## More on Word2Vec

parameters `θ`

: matrix `U`

and `V`

(**each word vec is a row**):

and the predictions don't take into account the *distance* between center word **c** and outside word **o**.
⇒ all word vecs predict high for the stopwords.

## Optimization Basics

min loss function: `J(θ)`

### gradient descent

*direction of the gradient = direction where J(θ) increases the most.*

#### SGD

pb: `J(θ)`

is for all words/positions in the corpus, `grad J(θ)`

is very expensive to compute.
⇒ use *random samples* each time
⇒ each time we only sample one window of `2m+1`

words

I.e.each time we compute the grad only on a **minibatch***.*
*⇒ *each time we only update the *wordvecs that appear* in the minibatch.

## Word2Vec: Model Variants

final embedding of a word = *average* of `u`

and `v`

⇒ we can also do only one vec per word, not much difference

2 main varaints of w2v family:

- skip-grams(
**SG**): predict outside word**o**with center word**c**:`P(o|c)`

.← presented in the class. - continuous bag-of-words (
**CBOW**): predict center word**c**using outside words**o**.

## negative sampling

So far: naive sotfmax, i.e.sum over *all* words in vocab — *expensive*.

⇒ **negative sampling**.
Use several *binary logistic regressions* on:

- the
**true pair**(center word and a true context word ) - several
**nois pairs**(center word and a*random*word) ←*random negative pair*

**logistic regression ***= softmax with vocab size=2*
sigmoid function: from inner-product value to probability score

⇒ objective funcion (to maximize):

where `P(w)`

is the distribution of negative sampling.
in practice: `P(w)=U(w)^(3/4)`

i.e.3/4 power of the uniform distribution → makes *rare words appear more often*.

⇒ loss function (to minimize):

**QUESTION: why put the minus inside the logit?**

## Alternative Methods: cooccurrence counts

**Why not using co-occurrence counts matrix?**

- co-occurrence in windows
- co-occurrence in document

problems with co-occurrence matrix:

- matrix size increase with vocab size
- high dimensional, expensive storage
- Subsequent classification models have sparsity issues

⇒ *model less robust*

#### solution1: low-dimensional vectors

(signular value decomposition for k-largest eigen values)

⇒ popular in the year 2000.

#### solution2: hacks to co-occurrence matrix

- trim stopwords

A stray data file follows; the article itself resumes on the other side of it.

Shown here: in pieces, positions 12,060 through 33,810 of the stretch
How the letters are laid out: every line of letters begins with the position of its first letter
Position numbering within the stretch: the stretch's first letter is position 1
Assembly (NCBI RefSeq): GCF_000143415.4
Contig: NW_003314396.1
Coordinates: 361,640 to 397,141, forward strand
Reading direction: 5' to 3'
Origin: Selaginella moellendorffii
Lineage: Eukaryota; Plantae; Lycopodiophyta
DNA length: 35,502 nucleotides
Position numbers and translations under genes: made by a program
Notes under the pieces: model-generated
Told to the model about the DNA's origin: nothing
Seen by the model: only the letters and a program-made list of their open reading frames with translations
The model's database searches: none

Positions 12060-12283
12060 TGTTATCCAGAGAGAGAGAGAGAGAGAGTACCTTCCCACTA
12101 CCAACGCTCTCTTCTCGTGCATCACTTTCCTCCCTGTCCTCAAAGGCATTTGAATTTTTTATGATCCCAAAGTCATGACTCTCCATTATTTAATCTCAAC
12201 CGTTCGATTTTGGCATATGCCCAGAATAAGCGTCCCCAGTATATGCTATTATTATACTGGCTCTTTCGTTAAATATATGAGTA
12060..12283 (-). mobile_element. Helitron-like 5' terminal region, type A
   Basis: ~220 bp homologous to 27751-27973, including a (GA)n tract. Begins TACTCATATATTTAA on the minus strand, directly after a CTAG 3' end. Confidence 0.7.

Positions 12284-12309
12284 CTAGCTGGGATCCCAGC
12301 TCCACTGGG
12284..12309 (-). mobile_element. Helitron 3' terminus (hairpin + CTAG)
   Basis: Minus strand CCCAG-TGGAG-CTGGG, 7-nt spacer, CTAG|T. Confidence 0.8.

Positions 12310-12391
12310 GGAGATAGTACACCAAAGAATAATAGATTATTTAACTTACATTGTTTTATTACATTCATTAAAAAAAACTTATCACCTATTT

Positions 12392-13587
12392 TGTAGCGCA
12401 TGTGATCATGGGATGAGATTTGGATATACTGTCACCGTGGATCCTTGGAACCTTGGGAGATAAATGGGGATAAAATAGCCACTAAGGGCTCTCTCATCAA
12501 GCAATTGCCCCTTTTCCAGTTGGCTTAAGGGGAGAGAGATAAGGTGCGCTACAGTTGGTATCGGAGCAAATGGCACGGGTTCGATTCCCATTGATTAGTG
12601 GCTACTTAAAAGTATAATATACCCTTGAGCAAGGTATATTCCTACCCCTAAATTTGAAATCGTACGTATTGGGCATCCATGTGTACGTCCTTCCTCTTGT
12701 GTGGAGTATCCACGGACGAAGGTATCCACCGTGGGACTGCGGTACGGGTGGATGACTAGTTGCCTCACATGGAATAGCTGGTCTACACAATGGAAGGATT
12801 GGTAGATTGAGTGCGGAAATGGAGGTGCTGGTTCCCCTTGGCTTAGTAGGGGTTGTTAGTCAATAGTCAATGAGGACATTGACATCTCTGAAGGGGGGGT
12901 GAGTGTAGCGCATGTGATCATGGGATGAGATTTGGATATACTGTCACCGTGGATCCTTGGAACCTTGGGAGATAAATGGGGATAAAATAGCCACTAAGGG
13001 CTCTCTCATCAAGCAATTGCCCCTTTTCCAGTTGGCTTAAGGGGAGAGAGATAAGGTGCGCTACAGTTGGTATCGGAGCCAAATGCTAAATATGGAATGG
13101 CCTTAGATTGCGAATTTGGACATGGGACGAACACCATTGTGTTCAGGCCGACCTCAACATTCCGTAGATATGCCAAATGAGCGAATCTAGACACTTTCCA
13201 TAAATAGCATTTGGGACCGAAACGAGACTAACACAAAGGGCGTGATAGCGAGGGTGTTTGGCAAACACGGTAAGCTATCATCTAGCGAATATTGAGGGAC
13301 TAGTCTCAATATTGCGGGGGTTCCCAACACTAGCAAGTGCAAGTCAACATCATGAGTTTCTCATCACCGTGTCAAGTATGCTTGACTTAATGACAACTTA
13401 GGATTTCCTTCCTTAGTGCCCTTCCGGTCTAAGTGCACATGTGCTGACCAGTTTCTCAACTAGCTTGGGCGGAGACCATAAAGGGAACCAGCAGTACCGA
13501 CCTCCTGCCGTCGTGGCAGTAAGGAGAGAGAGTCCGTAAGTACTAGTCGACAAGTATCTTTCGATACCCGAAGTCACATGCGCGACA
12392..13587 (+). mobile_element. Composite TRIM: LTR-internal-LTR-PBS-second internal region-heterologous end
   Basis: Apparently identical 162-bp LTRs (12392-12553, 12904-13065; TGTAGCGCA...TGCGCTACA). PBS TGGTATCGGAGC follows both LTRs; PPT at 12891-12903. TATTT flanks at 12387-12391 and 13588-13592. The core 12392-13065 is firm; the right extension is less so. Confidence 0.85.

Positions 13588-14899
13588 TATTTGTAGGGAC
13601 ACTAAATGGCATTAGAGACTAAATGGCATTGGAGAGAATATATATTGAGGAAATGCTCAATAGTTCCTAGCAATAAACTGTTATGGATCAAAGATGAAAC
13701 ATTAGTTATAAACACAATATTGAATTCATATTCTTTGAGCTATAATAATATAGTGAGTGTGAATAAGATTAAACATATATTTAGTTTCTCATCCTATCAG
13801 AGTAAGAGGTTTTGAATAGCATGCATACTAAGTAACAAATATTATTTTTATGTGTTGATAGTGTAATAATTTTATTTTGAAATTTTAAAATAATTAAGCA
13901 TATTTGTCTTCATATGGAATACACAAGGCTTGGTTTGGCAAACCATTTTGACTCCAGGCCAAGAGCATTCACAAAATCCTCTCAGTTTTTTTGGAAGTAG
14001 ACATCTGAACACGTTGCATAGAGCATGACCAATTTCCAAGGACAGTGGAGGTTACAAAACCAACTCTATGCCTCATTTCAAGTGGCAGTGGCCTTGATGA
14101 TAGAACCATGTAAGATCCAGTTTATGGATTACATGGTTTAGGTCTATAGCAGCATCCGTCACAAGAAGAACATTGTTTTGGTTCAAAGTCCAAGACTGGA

- counter more on closer words
- Pearson correlations to replace counts

#### comparison

#### encode meanings

insight: **ratios** of co-occurrence probabilities can encode meaning.

⇒ **make dot-products equal to the log of co-occurence prabability**

*⇒ vector diff*gives the ratio of co-occur proba

## GloVe

Combine the best of both worlds: count method and prediction method.

log-bilinear:

Where the weight ter f(Xij) is capped:

- Fast training
- Scalable to huge corpora
- Good performance even with small corpus and small vectors

## Evaluating Word Vectors

*Intrinsic vs extrinsic* in NLP-eval:
**Intrinsic**:

- Eval on a specific/intermediate
*subtask*: e.g.word similarity, POS tag, etc. - Fast to compute
- Not clear if really helpful unless correlation to real task is established

**Extrinsic***:*

- Eval on
*real*task: e.g.web search / question-answering / phone dialog - Hard to run
- Hard to diagnois

⇒ today: focus on intrinsic word vector evaluation

### Eval on word Analogies

**Semantic**eval: city-in-state (e.g.*"Chicago Illinois Houston Texas"*)**Syntactic**eval: gram4-superlative (e.g.*"bad worst big biggest"*)

Hyperparameters:

### Eval on word Similarities

## Word Senses

sense *ambiguity*: words have lots of meanings

- crude solution(2012): for each common word, find clusters of context that it occurs, split the word into pesudowords.
- Linear Algebraic Structure solution (2018):

word sense is a linear superposition:

⇒ result: Because of ideas from *sparse coding* you can actually separate out the senses (providing they are relatively common)
actual word/sense are very sparse

**Extrinsic** word vector evaluation: e.g. NER (finding person/organization/location)

#### Part 2 of series «XCS224N: NLP with deep learning»：

- [XCS224N] Lecture 1 – Introduction and Word Vectors
- [XCS224N] Lecture 2 – Word Vectors and Word Senses
- [XCS224N] Lecture 3 – Neural Networks
- [XCS224N] Lecture 4 – Backpropagation
- [XCS224N] Lecture 5 – Dependency Parsing
- [XCS224N] Lecture 6 – Language Models and RNNs
- [XCS224N] Lecture 7 – Vanishing Gradients and Fancy RNNs
- [XCS224N] Lecture 8 – Translation, Seq2Seq, Attention

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